Billy, the world’s first out and proud gay doll

Text JF. Pierets    Artwork John McKitterick & Juan Andres


To celebrate and document their conceptual artwork Billy, also known as Billy – The World’s First Out and Proud Gay Doll, artists John McKitterick and Juan Andres have launched a new website. 


In the highly politically and emotionally charged atmosphere of London in the late 1980´s with the Thatcher government’s hostility towards the gay community resulting in the legislation of Section 28 and creativity in the capital derailed due to the AIDS epidemic, artists John McKitterick and Juan Andres began collaborating on a conceptual artwork. As artists they made a choice about the world they had to examine, respond to and present futures of. 

The concept that directed the art they were to produce was the creation of a character, one who would capture the public’s imagination, attract positive attention, encourage debate and bring further visibility, understanding and acceptance of the new in all its diversity. The initial artwork was a purposefully controversial sculpture, presented naked, exaggerated, realistic and beautifully realised, an inspirational, social and sexual statement entitled Billy. A conceptual work of art and therefore totally premeditated, Billy was devised and planned in a manner that allowed for multiple artworks to be produced long after the exhibition of the initial sculpture. This approach was essential to McKitterick and Andres, so they would be able to continue to communicate the art concept into the future, to other artists, creatives and institutions, to the corporate, religious and political worlds and most importantly to the public, via further artworks, sculptures, art actions, exhibitions, books, music, film, photography, commercial products, charitable fundraising and the media. In order for the work to be successful McKitterick and Andres instinctively knew Billy had to exist both within the areas of and cross the boundaries between contemporary art and mass culture. This would be art through communication, collaboration and provocation, a place ‘where attitude becomes form.’

Billy was first exhibited on November 15th, 1994 as twelve distinctly related sculptures, each within an edition of one hundred, at The Freedom Gallery in Soho, London (sadly one week before Leigh Bowery´s Minty played their last gig at the venue). Immediately Billy was celebrated internationally by the mainstream media, arousing interest and excitement from other artists and was actively encouraged and applauded by a supportive public. The more conservative in society, including sections of the gay community, unwittingly providing more intended visibility and further debate, viciously attacked Billy, a postmodern mix of art, politics and sexuality. The newly launched official website illustrates the complete Billy phenomenon with images and text, documenting the history of the Billy concept from the years 1993 to 2003.

It is over twenty years since Billy was first exhibited as a sculpture at a London Arts Benefit for Aids in November 1994, in what was a highly politicized period in gay history. A conceptual artwork created by artists John McKitterick and Juan Andres, the Billy concept championed diversity, gay visibility, safe sex and Aids awareness. Originally 1200 limited editions of the Billy sculpture were created, garnering media attention on all five continents, in 32 countries and in ten languages.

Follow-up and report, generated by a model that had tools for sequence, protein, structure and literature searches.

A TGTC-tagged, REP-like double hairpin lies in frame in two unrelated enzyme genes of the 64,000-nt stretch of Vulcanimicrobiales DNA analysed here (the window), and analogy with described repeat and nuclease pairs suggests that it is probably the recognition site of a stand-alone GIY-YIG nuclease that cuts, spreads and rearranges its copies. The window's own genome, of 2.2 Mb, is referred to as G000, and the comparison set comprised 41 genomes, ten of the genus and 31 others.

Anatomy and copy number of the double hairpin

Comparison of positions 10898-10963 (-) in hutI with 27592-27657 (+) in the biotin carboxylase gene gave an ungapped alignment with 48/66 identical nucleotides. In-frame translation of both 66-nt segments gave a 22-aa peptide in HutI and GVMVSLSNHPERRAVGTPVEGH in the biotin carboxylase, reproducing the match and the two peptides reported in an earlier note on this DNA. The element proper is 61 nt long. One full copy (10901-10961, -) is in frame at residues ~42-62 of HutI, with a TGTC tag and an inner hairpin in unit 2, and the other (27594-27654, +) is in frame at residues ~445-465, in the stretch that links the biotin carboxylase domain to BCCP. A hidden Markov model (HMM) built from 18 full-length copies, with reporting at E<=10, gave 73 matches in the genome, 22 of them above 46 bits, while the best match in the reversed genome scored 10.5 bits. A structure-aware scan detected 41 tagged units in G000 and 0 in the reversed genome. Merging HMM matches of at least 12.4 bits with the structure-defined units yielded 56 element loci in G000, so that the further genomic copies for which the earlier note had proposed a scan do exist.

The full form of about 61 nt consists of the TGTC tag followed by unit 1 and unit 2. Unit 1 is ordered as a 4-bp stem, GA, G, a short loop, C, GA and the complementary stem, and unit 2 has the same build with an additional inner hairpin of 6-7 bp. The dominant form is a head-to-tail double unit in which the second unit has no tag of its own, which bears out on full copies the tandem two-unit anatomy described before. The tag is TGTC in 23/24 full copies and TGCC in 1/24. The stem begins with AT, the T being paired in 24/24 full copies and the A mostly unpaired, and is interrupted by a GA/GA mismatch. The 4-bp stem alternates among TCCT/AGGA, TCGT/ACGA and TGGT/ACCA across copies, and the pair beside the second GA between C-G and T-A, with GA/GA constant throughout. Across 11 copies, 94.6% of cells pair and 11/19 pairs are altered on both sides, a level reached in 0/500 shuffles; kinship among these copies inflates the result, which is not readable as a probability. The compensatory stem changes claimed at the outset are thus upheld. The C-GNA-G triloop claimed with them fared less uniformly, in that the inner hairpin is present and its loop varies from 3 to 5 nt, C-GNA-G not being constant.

‘Billy is not political art but rather art for political times.’

Following the great success of the sculpture, McKitterick and Andres kept firmly to the original concept and three years later Billy was purposely introduced to the mass market as Billy – The World’s First Out and Proud Gay Doll. Over the next decade Billy became the world’s first and most famous, gay product, a beautifully executed, technically advanced, mass produced doll, punching high above his height of 13 inches / 32cms.

After his US debut in 1997 Billy instantly became a iconic figure and saw himself in over 800 stores worldwide and the Billy concept developed to include his own website Billyworld, his boyfriend Carlos, his best friend Tyson, the soda Billy Pop, the music CD Out and About With Billy, himself dressed by Alexander McQueen and sixty five other designers and artists for the major exhibition and auction Billy Opens His Closet at The New Museum of Contemporary Art in Soho, New York, the movies Billy 2000 – Billy Goes Hollywood and Jeffrey’s Hollywood Screen Trick, the photographic book and exhibition Big Fun With Billy, himself in the Andy Warhol Museum and the Keith Haring Foundation, himself in the Science Museum’s permanent exhibit Making The Modern World and himself as 16 Feet Billy in an art exhibition in London.

Billy was honored alongside Lady Diana, Ellen DeGeneres and Elton John as one of the ’12 People of 1997’. With a single event in 1998 he raised over $425,000 for a major AIDS charity and articles have been written in major publications such as The Sunday Times, The New York Times, Time Magazine, The Guardian and El Pais, acknowledging Billy as a cultural phenomenon.

By 2004 John McKitterick and Juan Andres believed that the Billy concept had succeeded in its aims and objectives and began work on new art projects. Today Billy is highly sought after with editions commanding considerable prices at exhibition and auction. After six years in the jungles of Central America researching and developing new artworks, John McKitterick and Juan Andres returned to Europe to continue their art practice using the artistic name ‘oneandtwo’.

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